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Most county seats up for election

Candidate qualifying March 7-11
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    If you’re interested in running for local office you’ll have ample opportunity this year, with 10 county seats up for grabs.
    Local elected offices that will appear on the ballot in 2016 are sheriff, currently held by Donnie Craig; commission chair, held by Rob Jones; district 2 commissioner, held by Becky Denney; tax commissioner, held by Sharon Troglin; clerk of court, held by Gail Brown; probate judge, held by

David Lindsey; magistrate judge, held by Allen Wigington; coroner, held by Kevin Roper; board of education post 4, held by Peggy Andrews; and board of education post 1, held by Mike Cowart.
    Qualifying for these offices is March 7-11.
    “They are going to have to qualify through whatever party they are running with since this is for the primary,” said Pickens County Elections Supervisor Julianne Roberts. “The parties will specify what days and times within that week.”
    Primary elections for these local offices will be on Tuesday, May 24. If a runoff is required, it will be held on Tuesday, July 26. The general election for these offices will be held on Tuesday, Nov. 8 in conjunction with the presidential election.
    Roberts said all local candidates will run as either Republican or Democrat in the primary election in May.
    “You can’t run as an Independent until the General Election in November,” she said.
    Georgia Code requires a candidate to provide a petition with a certain number of signatures if they want to run as an Independent in the November election.
    “Then we have to go through and check every single signature and make sure there aren’t doubles,” Roberts said. “But since I’ve been here there are fewer and fewer candidates running as Independent. In the past it was very common, but Sharon Troglin is the only one left. It’s honestly a lot easier to choose an affiliation and I think people want to know what kind of party values a candidate has.” 
    As a general note, Roberts said there is often confusion for voters about which ballot they should choose in a primary. There are boxes on the ballots that ask the voter to select either Republican, Democrat or Non-Partisan.
    “Some people don’t want to be affiliated with Republican or Democrat, but you have to pick a party, and if you select Non-Partisan all you will be voting for are certain judges, but if you select Republican or Democrat those judges will be included on the ballot, so I encourage people to figure out who their favorite candidate is and select that party.”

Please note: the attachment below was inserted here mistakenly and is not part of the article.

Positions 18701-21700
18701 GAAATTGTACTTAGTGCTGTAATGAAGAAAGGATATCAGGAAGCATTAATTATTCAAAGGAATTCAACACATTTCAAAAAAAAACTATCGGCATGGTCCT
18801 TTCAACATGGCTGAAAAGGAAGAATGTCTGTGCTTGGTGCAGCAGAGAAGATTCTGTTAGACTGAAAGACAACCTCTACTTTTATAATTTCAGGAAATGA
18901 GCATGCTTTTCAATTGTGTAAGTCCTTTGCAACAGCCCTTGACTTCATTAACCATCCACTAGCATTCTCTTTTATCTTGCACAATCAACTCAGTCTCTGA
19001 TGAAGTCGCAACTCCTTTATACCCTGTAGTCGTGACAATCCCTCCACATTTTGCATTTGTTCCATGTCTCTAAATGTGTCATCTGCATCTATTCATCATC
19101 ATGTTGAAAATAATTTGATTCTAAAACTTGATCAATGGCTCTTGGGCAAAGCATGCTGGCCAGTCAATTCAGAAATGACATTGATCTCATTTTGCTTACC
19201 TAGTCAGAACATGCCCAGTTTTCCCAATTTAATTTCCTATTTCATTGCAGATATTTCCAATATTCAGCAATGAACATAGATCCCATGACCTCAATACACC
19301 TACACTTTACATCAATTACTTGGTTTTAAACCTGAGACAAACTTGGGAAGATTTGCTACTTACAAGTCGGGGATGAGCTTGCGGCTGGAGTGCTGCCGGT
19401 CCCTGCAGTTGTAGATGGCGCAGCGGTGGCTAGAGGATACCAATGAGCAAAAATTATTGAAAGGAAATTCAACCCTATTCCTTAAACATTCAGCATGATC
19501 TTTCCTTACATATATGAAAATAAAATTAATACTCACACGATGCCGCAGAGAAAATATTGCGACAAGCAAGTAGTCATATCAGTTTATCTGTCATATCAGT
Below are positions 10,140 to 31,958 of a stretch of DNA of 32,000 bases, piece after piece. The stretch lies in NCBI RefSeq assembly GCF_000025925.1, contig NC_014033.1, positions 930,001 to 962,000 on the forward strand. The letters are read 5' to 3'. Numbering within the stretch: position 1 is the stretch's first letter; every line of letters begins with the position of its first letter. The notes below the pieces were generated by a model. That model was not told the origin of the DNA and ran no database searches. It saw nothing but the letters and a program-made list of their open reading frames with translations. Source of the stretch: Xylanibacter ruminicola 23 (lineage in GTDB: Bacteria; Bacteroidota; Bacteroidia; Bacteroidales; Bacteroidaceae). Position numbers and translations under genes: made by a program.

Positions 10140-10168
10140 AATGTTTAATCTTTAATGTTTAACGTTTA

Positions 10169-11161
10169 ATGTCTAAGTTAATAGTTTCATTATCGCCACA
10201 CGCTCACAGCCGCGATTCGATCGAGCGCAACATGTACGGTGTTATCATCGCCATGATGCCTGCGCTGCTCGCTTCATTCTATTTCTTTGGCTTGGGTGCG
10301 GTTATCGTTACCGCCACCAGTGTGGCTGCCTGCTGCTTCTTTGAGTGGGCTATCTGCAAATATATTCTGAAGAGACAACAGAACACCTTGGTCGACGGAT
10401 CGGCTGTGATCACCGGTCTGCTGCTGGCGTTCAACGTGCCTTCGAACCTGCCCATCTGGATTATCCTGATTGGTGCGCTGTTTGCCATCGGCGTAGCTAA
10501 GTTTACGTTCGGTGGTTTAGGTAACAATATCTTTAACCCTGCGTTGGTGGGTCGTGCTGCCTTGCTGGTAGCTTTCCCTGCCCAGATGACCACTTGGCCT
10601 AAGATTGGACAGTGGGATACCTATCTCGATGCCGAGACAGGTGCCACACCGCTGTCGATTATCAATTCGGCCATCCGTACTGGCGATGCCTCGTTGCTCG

If you mess up and choose the wrong ballot, Roberts said you can get a different party ballot at any point in the process before you select “Cast Ballot” on the screen.
    “We can cancel the ballot and get a different one if voters need us to,” she said. “But once they cast the ballot there’s nothing we can do.”
    Qualifying fees are as follows: sheriff, $1,943.28; commission chair, $1,979.28; district 2 commissioner, $306; tax commissioner, $1,591.05; clerk of court, $1,591.05; probate judge, $1,591.05; magistrate court, $1,591.05; coroner, $401; board of education seats, $50.
    The Pickens County Republican Party can be reached at
770-318-8401 or at This email address is being protected from spambots. You need JavaScript enabled to view it. . Learn more at www.pickensgop.org.
    The Pickens County Democratic Party can be reached at 706-531-0007 or This email address is being protected from spambots. You need JavaScript enabled to view it. . Learn more at www.pickensdemocrats.org.
    Early voting for the presidential primary is February 8-26, Monday through Friday from 8 a.m. to 5 p.m. at the county elections office. The mandatory Saturday early voting date is February 20 from 9 a.m. to 4 p.m.   
    The Pickens County Board of Elections and Registration is located at 83 Pioneer Road, Jasper, Ga. 30143. They can be reached at 706-253-8781.

Comments   

Goodolboytown
+3 #11 Goodolboytown 2016-02-12 18:54
Someone PLEASE run for chief magistrate against that good ol' boy Wigington. That "judge" will rule in favor of anyone he knows from his law enforcement career, high school, in-laws, friends, etc. You can forget about justice in his court if you are just relying on the law to get you justice. And that chief judge, Weaver, someone PLEASE run against her. She's way, way, I mean way too connected to this town. She forgot how to be impartial a decade or more ago. Another good ol' boy (gal) judge that needs to go.

While I'm on the subject: ALL INCUMBENTS MUST GO!
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